But John Paul did not speak publicly about sexual abuse by priests until eight years later, after a furor over another pedophile priest, James Porter, who had more than 100 alleged victims in Fall River, Mass.
Addressing a group of visiting U.S. bishops in Rome in 1993, the pope said he shared their "sadness and disappointment when those entrusted with the ministry fail in their commitment, becoming a cause of public scandal." Much of his message, however, was an attack on "sensationalism" in the news media, leaving the strong impression that he believed the sex abuse problem was exaggerated in America.
April 2002: Reading a message to American cardinals after summoning them to the Vatican to discuss clergy sexual abuse. "There is no place in the priesthood or in religious life for those who would harm the young," the pope declared. Victims argue that he should have done much more.
(Arturo Mari -- AP)
"Woe to societies where scandal becomes an everyday event," he said.
Nevertheless, at the request of U.S. bishops, the pope in 1994 changed church law in the United States to lengthen the statute of limitations on accusations of sexual abuse to 10 years from the victim's 18th birthday. Previously, it had been five years from the date of the offense.
In 2002, a fresh scandal erupted when a Boston judge released church documents showing that Cardinal Bernard F. Law and his assistant bishops had secretly shuffled abusers from parish to parish. In response, John Paul amended canon law again by accepting the bishops' zero tolerance policy, though only after Vatican officials insisted on changes to protect the due process rights of accused priests. Law later resigned under pressure.
In recent years the pontiff also condemned sexual abuse more directly and forcefully. In his address to U.S. cardinals in April 2002, he said it was "rightly considered a crime by society" as well as "an appalling sin in the eyes of God. To the victims and their families, wherever they may be, I express my profound sense of solidarity and concern," he added. It was the closest he came to a personal apology.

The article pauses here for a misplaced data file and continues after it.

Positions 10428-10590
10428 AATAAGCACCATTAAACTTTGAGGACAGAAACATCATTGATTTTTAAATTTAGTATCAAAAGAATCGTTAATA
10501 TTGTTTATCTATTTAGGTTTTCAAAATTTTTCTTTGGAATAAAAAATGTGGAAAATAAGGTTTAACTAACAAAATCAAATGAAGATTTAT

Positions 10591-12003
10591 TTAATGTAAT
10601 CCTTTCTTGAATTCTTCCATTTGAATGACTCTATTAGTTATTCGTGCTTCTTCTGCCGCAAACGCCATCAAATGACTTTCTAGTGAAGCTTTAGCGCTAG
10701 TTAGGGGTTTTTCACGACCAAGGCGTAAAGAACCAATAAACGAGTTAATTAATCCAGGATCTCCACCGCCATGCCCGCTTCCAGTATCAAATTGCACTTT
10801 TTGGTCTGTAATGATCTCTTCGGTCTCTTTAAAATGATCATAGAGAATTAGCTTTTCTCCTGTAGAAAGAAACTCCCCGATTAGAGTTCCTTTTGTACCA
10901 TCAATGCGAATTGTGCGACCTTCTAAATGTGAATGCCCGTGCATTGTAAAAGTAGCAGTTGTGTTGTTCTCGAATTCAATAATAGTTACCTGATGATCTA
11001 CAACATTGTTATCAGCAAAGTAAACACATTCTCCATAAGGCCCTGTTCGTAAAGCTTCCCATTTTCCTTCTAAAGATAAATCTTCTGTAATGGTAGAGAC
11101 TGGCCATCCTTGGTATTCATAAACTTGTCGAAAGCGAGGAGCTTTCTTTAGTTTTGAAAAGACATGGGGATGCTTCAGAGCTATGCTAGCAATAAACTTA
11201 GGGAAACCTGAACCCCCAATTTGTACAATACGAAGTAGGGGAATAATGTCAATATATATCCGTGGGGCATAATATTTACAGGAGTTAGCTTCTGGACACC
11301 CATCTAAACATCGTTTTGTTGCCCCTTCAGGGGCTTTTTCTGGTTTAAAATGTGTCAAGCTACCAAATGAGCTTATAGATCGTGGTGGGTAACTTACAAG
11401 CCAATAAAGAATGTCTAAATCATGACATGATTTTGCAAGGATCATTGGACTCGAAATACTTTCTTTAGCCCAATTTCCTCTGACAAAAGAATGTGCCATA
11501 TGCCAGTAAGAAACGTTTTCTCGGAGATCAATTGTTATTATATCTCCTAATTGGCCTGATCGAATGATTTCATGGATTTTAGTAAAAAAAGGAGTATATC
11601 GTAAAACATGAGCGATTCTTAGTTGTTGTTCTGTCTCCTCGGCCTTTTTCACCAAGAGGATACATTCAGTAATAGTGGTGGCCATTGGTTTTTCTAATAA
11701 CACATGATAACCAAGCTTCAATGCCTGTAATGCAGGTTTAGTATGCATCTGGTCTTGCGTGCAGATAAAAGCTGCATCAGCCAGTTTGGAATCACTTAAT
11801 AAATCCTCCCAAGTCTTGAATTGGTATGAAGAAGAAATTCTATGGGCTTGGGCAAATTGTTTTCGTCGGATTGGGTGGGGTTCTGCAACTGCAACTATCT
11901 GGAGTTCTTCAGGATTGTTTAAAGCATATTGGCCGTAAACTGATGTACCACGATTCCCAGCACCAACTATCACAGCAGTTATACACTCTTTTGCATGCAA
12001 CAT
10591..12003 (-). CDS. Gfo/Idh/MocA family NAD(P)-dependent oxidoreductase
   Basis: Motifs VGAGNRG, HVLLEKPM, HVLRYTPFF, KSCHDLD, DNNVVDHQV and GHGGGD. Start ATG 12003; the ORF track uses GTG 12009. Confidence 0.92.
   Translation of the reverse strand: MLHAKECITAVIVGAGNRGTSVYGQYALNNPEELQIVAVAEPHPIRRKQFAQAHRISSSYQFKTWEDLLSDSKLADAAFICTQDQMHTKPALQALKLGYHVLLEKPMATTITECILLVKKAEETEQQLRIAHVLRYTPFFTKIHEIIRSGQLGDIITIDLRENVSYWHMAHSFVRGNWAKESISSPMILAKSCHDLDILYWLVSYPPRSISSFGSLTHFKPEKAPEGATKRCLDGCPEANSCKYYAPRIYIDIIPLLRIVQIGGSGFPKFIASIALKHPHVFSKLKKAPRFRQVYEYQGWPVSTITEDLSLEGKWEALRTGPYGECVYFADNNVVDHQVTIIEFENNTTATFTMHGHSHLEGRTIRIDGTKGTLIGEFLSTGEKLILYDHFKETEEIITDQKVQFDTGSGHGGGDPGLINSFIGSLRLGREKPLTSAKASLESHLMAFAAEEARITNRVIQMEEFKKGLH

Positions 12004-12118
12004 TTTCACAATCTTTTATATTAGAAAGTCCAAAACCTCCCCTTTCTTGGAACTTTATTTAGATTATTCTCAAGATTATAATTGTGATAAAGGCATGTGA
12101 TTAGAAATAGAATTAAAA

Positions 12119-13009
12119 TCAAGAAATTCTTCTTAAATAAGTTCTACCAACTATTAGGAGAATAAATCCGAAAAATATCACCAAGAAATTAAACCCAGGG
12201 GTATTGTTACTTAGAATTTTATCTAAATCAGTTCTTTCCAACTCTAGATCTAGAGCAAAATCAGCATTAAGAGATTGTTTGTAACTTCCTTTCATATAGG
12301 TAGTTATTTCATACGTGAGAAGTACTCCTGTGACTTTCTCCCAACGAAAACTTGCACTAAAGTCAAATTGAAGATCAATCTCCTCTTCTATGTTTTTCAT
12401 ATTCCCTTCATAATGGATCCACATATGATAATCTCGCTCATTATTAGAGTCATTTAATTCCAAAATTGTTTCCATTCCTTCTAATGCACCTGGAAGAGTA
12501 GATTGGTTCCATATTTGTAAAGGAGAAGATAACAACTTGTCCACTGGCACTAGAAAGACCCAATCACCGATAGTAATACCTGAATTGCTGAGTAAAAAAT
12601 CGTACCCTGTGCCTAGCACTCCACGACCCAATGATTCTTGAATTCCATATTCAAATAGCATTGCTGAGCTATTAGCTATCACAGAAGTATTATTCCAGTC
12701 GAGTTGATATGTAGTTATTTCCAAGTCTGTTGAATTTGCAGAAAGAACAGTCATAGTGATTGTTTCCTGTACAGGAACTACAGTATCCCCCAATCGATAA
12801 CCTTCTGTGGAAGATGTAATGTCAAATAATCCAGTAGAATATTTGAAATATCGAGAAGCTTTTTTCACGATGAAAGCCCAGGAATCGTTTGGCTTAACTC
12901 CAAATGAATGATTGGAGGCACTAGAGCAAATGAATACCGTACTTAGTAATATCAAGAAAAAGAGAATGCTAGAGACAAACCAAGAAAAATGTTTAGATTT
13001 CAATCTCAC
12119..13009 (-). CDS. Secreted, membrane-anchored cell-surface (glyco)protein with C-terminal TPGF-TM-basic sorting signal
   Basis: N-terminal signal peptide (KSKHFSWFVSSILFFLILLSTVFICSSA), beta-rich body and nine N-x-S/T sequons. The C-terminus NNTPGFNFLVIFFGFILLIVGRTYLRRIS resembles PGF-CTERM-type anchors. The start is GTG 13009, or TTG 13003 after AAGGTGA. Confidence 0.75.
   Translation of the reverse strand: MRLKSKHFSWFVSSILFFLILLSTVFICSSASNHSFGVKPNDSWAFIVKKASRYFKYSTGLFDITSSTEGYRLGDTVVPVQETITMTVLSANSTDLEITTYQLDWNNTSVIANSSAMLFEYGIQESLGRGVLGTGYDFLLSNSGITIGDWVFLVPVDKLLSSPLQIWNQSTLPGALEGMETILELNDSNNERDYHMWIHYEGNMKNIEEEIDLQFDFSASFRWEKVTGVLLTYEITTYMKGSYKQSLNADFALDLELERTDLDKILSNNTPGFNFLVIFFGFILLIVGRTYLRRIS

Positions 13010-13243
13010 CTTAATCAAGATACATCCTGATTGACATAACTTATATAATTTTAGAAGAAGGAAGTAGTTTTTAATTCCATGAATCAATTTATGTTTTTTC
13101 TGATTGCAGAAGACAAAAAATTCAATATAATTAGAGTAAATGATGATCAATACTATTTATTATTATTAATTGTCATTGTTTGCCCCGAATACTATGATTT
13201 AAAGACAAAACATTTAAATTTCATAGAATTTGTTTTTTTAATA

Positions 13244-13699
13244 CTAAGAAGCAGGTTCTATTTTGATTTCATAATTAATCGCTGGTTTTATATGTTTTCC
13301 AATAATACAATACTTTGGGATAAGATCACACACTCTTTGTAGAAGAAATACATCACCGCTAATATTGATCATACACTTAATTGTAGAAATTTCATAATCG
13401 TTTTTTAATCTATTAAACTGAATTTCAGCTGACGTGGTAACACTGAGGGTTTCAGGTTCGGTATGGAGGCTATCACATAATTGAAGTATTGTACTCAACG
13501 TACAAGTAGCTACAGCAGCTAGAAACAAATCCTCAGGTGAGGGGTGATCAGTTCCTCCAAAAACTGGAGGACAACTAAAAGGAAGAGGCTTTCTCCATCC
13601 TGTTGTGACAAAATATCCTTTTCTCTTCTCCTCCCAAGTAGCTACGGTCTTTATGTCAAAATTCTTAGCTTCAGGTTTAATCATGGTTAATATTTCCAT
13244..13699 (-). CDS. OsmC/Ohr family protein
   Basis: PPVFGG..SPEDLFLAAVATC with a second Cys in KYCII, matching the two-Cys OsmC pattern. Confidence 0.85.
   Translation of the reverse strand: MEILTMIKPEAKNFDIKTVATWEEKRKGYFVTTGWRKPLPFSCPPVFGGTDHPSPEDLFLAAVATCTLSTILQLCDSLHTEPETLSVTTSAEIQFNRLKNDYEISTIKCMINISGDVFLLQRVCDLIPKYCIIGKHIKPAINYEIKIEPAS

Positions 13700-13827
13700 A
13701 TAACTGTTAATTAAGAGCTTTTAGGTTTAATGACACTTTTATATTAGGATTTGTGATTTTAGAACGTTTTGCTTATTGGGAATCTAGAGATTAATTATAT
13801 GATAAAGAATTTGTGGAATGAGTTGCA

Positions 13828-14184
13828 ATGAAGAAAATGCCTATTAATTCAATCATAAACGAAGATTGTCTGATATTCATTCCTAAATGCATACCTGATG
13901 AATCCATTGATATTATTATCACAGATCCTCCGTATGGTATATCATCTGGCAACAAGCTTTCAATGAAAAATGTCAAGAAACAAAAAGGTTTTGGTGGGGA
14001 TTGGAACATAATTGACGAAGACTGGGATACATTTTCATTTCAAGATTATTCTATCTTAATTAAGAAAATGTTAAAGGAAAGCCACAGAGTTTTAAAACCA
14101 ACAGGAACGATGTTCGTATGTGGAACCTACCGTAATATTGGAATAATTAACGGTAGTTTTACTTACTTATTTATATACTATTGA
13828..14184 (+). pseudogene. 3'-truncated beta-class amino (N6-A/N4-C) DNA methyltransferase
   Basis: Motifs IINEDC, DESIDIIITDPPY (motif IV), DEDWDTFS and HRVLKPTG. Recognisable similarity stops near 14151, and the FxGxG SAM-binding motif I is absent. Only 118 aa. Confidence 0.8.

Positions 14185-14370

Five months earlier, a papal message to the people of Oceania noted that "the Synod Fathers wished to apologize unreservedly to the victims for the pain and disillusionment" caused to the people of Oceania by "sexual abuse within the church."
To many victims and their families, however, the pope's actions fell short. Under John Paul, they contend, the Vatican was more aggressive about stamping out dissent within the priesthood over birth control than it was about protecting children.
Papal biographer George Weigel argues that the critics' portrayal of an uncaring John Paul is wrong. He said John Paul was "deeply, deeply grieved" by the unholy actions of members of the clergy.
Other Vatican officials have echoed the papal denunciations. As recently as March 25, Cardinal Joseph Ratzinger, the church's theological watchdog and one of John Paul's closest aides, made a clear reference to clerical sex abuse in the meditations he provided for Good Friday observances in Rome. According to a Vatican translation, Ratzinger assailed "how much filth there is in the church . . . even among . . . the priesthood."
Like many traditionalist Catholics, Weigel also contends that the origins of the scandal lie in the 1960s, under previous popes who tolerated dissent and allowed a gay subculture to develop in the priesthood. The solution, in his view, is to continue down the path set by John Paul: strict fidelity to church teachings that support celibacy for priests and condemn homosexual activity.
In his 2002 book "The Courage to Be Catholic," however, Weigel acknowledged that the Vatican was slow to recognize the crisis in the U.S. church, tending to view the scandal as a creation of the secular news media, opportunistic lawyers and the church's enemies.
Debate over the pope's degree of responsibility for the scandal appears likely to continue for years.
Richard R. Gaillardetz, a professor of Catholic studies at the University of Toledo who has written several books on authority in the church, said that neither John Paul nor any church leader "consciously encouraged" clerical sex abuse.
But Gaillardetz said he would assign the pope some indirect responsibility for the hierarchy's attempts to hide the problem.
"He encouraged an ecclesiastical culture that emphasizes vertical accountability -- priest to bishop, bishop to the pope -- and very little horizontal accountability" of bishops to one another and to the laity, Gaillardetz said.
"In general that is going to be one of the most serious criticisms leveled against this papacy, that he turned away from the direction many people saw in Vatican II, which is the principle of subsidiary or decentralized control," Gaillardetz added, referring to the Second Vatican Council of 1962-65. "That is a disturbing pattern, a larger pattern of this pontificate."
David Gibson, author of "The Coming Catholic Church," a 2003 book about long-term change in the church, also attributes the coverup partly to John Paul's insistence on central control.
"The bottom line is: Cardinal Law was the pope's favorite son in America, and Cardinal Law's sense of a corporate church that he ran, with everybody else on a need-to-know basis, was very much an attitude that came from Rome. Rome did not want scandals. Rome under this papacy was focused on exalting the iconic image of the priest," Gibson said.
Rightly or wrongly, Gibson contends, the sexual abuse scandal and John Paul will be inextricably linked.
"After so many years as pope, people have almost begun to forget what a heroic figure he was and how close he came to being martyred on St. Peter's Square," he said. "The scandal is not going to define his legacy, but it does mean that every obituary, every discussion of his legacy, will have to say, 'But . . .' "